Imagine you could erase grief.
Imagine you could remove pain.
Imagine you could hide the darkest, most horrifying secret.
Young Emmett Farmer is working in the fields when a strange letter arrives summoning him away from his family. He is to begin an apprenticeship as a Bookbinder—a vocation that arouses fear, superstition, and prejudice among their small community but one neither he nor his parents can afford to refuse.
For as long as he can recall, Emmett has been drawn to books, even though they are strictly forbidden. Bookbinding is a sacred calling, Seredith informs her new apprentice, and he is a binder born. Under the old woman’s watchful eye, Emmett learns to hand-craft the elegant leather-bound volumes. Within each one they will capture something unique and extraordinary: a memory. If there’s something you want to forget, a binder can help. If there’s something you need to erase, they can assist. Within the pages of the books they create, secrets are concealed and the past is locked away. In a vault under his mentor’s workshop, rows upon rows of books are meticulously stored.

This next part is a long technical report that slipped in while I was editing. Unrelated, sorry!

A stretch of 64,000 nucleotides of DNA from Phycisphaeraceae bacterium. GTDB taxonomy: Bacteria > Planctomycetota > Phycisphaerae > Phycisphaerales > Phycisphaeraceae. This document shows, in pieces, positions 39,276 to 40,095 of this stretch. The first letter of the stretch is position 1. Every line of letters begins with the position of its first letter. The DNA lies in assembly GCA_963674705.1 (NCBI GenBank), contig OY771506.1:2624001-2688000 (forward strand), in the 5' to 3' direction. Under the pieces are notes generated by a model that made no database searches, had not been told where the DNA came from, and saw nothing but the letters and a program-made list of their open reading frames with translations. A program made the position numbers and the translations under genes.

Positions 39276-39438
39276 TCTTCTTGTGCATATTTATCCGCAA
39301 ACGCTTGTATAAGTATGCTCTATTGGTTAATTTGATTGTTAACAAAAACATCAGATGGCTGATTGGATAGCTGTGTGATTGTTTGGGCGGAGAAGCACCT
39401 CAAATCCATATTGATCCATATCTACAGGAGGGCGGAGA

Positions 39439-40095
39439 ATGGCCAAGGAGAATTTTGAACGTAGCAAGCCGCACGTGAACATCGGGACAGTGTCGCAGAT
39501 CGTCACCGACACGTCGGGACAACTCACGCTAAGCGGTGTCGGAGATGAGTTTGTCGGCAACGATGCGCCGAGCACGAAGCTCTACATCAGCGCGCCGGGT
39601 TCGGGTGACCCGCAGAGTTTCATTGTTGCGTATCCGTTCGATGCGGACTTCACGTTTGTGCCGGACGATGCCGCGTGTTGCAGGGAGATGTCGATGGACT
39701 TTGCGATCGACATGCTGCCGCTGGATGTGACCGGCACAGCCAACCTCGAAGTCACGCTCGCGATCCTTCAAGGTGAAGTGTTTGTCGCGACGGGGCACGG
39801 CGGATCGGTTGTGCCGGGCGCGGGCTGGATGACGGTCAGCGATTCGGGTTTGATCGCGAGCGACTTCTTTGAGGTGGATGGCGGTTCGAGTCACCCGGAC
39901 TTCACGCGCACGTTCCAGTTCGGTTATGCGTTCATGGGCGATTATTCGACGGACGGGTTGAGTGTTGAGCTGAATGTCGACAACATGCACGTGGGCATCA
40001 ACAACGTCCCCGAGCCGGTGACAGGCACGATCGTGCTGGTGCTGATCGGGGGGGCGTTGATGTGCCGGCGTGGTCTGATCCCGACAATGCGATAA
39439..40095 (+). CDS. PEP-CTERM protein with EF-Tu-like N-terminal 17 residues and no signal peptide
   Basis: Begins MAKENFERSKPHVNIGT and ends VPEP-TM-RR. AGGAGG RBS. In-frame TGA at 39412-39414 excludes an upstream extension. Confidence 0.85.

But while Seredith is an artisan, there are others of their kind, avaricious and amoral tradesman who use their talents for dark ends—and just as Emmett begins to settle into his new circumstances, he makes an astonishing discovery: one of the books has his name on it. Soon, everything he thought he understood about his life will be dramatically rewritten.
Magical realism is more often miss than hit for me, and romance really isn’t my cup of tea. So I shouldn’t have liked this book. Yet I Loved it.
This is set in a world in which memories can be wiped by binding them in books. This brings all kinds of consequences, such as illegal trade in books, masters letting their servants get bound after raping them, and the poor selling of their memories to get by.
We follow Emmett, son of a farmer who cannot work on the fields anymore because of a mysterious illness. He becomes an apprentice binder, and this is what we see in the first part of the book, the concept of binding. But then Emmett finds out he has been bound himself and we learn what he forgot. His life before the illness, when he and his sister meet the charming Lucian Darnay.
This is such a good story, and it completely sucked me in. I stayed up waaaay too late to finish it. The world-building is superb, the writing beautiful, the character well-developed, and the romance realistic.
I don’t know what more to say, other than that I very much enjoyed this book, and would highly recommend it.